Friday, May 27, 2016

#NBCT Reflections

by Amber Chandler

In this digital, social media world, it is a special occasion when you actually come face to face with with your #PLN. It’s exciting to meet people whose Tweets you’ve liked and who traded emojis with. I had that opportunity presenting at the 1st Annual Far West National Board Certified Teachers Summit last month.

As I walked into NYSUT Regional headquarters, I looked around anxiously for someone who would let me into the room where I’d be presenting “They’re Not Sheep,” my latest thoughts on differentiation. As always before speaking at a conference, my rational side was off duty, and I was excessively nervous that somehow the slideshow I had wouldn’t exist on Google Docs or on my jump drive, and I’d be left to wing my way through the presentation.

I spotted Amy Steger, one of the NBCT teachers who organized the Summit, and the very person I’d hope to see, and what did I do but go and hug a stranger. Immediately, I laughed, but it was not the last hug I’d give that day to near strangers.

Before you think I’m just overly familiar with people, you’d need to understand that the process to achieve National Board Certification requires a time commitment that becomes a season of your life. When I achieved my certification, with lots of help from the Southtown Teachers Center and our support provider Mary Ann Dates, I had a 4 month old, a toddler, and the crazy notion that it would be a good time to up my game. Let’s just say that baby has just celebrated his 8th birthday, but it didn’t stop me from running up to Mary Ann like it was yesterday.

This summit was an opportunity for Teri DiPasquale and Lori Mancuso, the Far West Co-Regional Coordinators, to gather NBCTs from the region and celebrate our achievement, as there were some newbies there, as well as some awaiting the results; however, the underlying purpose was to put a bunch of teacher leaders in the same room and see what happens. The great thing about this opportunity was that we were incredibly lucky to be joined by Annette Romano, the Co-Director of NBNY and Co-Regional Coordinator of the Eastern Upstate Region, as well the 2014 Teacher of the Year, Ashli Skura-Dreher. Co-Regional Coordinators for Long Island, Erin Gilrein and Jennifer Wolfe, had made the trip too, and they were the most dynamic, inspiring duo I have heard in a long time!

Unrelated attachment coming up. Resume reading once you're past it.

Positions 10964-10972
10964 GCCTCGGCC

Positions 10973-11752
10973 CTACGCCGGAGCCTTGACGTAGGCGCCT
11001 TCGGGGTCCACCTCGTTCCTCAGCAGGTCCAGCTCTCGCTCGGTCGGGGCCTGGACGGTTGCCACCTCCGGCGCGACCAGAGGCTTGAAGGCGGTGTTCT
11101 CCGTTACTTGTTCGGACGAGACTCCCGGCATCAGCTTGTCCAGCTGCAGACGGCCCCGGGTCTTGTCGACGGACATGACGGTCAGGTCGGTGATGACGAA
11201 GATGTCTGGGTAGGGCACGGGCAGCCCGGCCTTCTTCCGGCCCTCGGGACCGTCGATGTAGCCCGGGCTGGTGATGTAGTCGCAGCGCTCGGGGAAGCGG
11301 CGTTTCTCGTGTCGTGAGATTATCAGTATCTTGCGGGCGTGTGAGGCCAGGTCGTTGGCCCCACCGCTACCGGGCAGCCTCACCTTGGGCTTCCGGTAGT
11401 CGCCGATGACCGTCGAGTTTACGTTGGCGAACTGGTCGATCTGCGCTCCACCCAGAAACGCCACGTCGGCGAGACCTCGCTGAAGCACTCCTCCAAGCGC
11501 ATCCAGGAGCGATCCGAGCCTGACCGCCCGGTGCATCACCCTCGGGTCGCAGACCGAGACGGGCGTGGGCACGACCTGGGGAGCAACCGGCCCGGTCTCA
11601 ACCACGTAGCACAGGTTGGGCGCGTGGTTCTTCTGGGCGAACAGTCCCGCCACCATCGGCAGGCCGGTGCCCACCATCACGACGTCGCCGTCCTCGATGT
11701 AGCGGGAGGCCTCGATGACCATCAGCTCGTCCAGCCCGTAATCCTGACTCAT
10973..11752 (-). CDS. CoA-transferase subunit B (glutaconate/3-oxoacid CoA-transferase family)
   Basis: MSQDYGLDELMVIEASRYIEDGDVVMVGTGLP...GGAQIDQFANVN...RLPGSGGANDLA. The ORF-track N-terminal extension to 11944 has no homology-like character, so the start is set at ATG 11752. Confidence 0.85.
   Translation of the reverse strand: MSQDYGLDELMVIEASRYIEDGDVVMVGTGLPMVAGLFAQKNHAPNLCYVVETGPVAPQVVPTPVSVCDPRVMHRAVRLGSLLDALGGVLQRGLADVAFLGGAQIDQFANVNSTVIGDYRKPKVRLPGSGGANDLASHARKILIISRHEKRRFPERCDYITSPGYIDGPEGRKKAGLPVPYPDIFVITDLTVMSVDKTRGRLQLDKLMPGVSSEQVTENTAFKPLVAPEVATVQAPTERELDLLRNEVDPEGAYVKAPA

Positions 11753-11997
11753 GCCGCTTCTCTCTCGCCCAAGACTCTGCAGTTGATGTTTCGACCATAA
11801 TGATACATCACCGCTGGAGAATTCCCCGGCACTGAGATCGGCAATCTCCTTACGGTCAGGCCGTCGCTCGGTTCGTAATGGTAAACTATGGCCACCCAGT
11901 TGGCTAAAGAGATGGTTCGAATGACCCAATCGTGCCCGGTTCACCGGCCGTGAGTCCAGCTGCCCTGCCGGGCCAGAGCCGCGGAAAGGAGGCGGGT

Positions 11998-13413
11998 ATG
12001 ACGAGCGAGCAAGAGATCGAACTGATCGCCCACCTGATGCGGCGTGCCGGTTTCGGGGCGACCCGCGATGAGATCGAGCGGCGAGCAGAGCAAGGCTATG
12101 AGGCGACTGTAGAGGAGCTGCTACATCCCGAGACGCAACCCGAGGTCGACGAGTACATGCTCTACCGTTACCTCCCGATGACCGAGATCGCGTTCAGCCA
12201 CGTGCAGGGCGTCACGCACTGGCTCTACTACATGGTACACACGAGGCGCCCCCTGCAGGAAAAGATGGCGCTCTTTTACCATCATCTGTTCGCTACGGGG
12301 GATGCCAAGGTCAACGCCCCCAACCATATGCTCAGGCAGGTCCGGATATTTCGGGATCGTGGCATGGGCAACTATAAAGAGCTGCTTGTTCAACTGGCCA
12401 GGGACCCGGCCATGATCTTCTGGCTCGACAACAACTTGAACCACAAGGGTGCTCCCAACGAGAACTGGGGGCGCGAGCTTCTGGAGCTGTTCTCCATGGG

To say I was nervous to present is an understatement. But, as Erin and Jennifer challenged the room to be teacher leaders, start small and grow our tribe, it occurred to me that even though I didn’t know these women, there was something so familiar, something so tangibly authentic about the electricity in the room, that I didn’t have to worry. As I approached the microphone, I offhandedly commented that Erin and Jennifer were my soul-sisters, and to my relief, I watched the room full of people who had sacrificed their Saturday nod in agreement.

I talked about Differentiation and Project Based Learning, but I knew I was in a room of accomplished teachers, so I felt like I was preaching to the choir. However, what really impressed me was the warmth with which these “highly qualified teachers” received my ideas and their desire to still keep learning. If you feel like you might fit in a room like this, a room where no one is the expert because we are all teacher leaders and learners, a room where you might hug a near stranger because he or she just “gets it,” or you’re looking for your teacher tribe, then you might want to pursue National Board Certification.

Learn more about National Board Certification at

Amber is a National Board Certified 8th grade ELA teacher and the author of The Flexible ELA Classroom: Differentiation for Grades 4-8, which will be available in September 2016. She is launching a website for teachers this summer called and is looking for submissions for the Collaborator’s Page, so get in touch! You can connect with her on Twitter or on her website for inspiration and downloadable resources. She can also be reached at


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